The Evangelical Universalist Forum

Is there a place for retributional justice


#41

Yes for us… No for them… Christ came for them not us.

Peace


#42

That good ol’ boy from Tarsus thought a bit differently I do believe.
Peace


#43

Look backwards.

Peace.


#44

I watched part of the program TEUS on Trinitarian Ethics. This gave me an interesting insight to retribution, which as I understand it has roots to be a means to a righteous end. If I am correct, divine retribution was always about giving back to someone the same thing they did. Like Jesus being harsh and judgmental towards the Pharisees was to make them experience the same judgment they gave to others. Or in the Old Testament, many of the brutal forms of wrath were directed against those who abused their power in a brutal way, that they would experience the same brutality. This reminds me of NDE accounts where people experienced the same pain that they inflicted on others. As I best understand it, letting people experience the pain they caused appeals to their better nature, and treats morality in a meaningful way. This way, Morality is a matter of learning through empathy, hence mans better nature rather than through fear or shame. I find that arbitrary or excessive punishments dont work because all they do is reinforce this idea that might makes right.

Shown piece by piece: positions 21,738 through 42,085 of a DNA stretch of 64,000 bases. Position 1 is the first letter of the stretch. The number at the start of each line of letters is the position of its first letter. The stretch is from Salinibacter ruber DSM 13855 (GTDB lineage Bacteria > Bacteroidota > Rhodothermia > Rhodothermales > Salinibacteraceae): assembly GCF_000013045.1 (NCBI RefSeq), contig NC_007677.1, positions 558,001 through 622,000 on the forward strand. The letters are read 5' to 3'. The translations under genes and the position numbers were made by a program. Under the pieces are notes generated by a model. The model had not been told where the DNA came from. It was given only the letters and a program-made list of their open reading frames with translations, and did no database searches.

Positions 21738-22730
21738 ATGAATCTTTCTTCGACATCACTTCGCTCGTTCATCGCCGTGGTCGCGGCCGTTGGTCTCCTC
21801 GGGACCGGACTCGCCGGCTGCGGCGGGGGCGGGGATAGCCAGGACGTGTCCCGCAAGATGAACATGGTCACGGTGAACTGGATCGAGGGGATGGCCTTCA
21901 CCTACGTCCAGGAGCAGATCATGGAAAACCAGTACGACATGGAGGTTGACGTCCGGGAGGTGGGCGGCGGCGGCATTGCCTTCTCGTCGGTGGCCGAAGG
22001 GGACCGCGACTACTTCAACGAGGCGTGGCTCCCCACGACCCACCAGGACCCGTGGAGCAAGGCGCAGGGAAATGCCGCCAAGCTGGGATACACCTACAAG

#45

During the first half of the twentieth century, under the influence of social scientists, retributive theories of justice were frowned upon in favor of consequentialist theories. Fortunately, there has been, over the last half-century or so, a renaissance of theories of retributive justice, accompanied by a fading of consequentialist theories, so that we need not be distracted by the need to justify a retributive theory of justice. ~~ William Lane Craig, The Atonement pp. 68-69